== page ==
This kind of ‘judging parents’ is just not done. They can be difficult it just does not matter. They can’t be approached with a calm weighing of pros-and-cons. In fact the terms with which relationships are being discussed here – ‘fairness’, ‘I do my bit’, really leaves me baffled. I see one commentator has done person-hour math about kitchen time!!
Anyway each to his own. Let me stay on me..
These new-fangled ideas of parents ‘letting the kids live their lives’ do not appeal to me. I just want my parents to be as they are today. Comfortable making the kind of decisions (or what would be called ‘intrusions’) they have been always been making. I don’t want them, at this age, to start withdrawing into a ‘you have your life, we have ours, we’ll meet for dinner’ mode of things. If marriage were to do that to my relationship with my parents, it would be quite disappointing.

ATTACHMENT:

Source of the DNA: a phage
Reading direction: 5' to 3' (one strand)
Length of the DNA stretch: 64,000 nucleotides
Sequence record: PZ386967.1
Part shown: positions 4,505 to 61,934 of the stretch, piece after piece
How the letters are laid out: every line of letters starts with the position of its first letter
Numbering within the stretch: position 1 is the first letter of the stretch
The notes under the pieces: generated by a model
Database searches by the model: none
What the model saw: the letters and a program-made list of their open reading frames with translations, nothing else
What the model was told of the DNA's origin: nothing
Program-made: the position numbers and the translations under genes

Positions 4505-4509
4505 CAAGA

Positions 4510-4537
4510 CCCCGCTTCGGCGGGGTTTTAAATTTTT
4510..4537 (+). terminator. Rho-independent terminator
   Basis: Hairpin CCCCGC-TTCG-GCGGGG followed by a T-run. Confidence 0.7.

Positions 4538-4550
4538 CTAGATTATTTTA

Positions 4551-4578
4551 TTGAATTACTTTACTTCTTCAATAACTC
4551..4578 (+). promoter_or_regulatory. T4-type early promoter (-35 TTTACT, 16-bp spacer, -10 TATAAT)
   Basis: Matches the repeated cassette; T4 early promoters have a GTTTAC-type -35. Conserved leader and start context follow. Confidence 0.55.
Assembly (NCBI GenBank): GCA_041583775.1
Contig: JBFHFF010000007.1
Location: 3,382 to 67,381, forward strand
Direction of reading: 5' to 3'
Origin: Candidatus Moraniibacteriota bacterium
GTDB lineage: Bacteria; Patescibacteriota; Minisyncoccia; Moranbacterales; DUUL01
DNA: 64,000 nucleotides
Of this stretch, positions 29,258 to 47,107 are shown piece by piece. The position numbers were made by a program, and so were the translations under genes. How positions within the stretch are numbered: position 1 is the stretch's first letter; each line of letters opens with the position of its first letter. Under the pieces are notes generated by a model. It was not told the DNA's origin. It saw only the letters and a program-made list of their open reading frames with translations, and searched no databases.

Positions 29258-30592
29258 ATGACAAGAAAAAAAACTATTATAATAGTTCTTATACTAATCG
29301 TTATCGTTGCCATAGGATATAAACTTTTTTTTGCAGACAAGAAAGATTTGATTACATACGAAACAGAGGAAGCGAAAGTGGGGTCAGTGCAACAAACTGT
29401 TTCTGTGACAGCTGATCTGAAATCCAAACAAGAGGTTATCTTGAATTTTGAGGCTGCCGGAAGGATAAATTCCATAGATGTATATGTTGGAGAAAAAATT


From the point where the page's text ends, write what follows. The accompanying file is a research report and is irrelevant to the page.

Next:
And they are already mentally preparing to turn our relationship into one between adults who respect each other. And I know they are consciously turning into different people as this is in my best interest, going forward. I just want to be treated as always: like a kid, who can be ordered about and taken for granted – not politely asked favours. In fact I get very annoyed when they say: ‘would it be possible for you to do this?’ when the last two words would have sufficed.
I want to be someone with whom they can speak their mind to, without fear of being judged. And I hate it that they are slowly transitioning away because popular media and their social network is teaching them to ‘be mature’, ‘to stay out of your adult son’s business’ etc.
I know that seems to work for most people these days. I also know I probably skipped a generation: I much prefer the relationships my aunts had with my grandparents than my cousins (and cousins-in-law, I have no siblings) have with my aunts. It worries me that the girl I am probably going to marry, is likely to prefer the latter.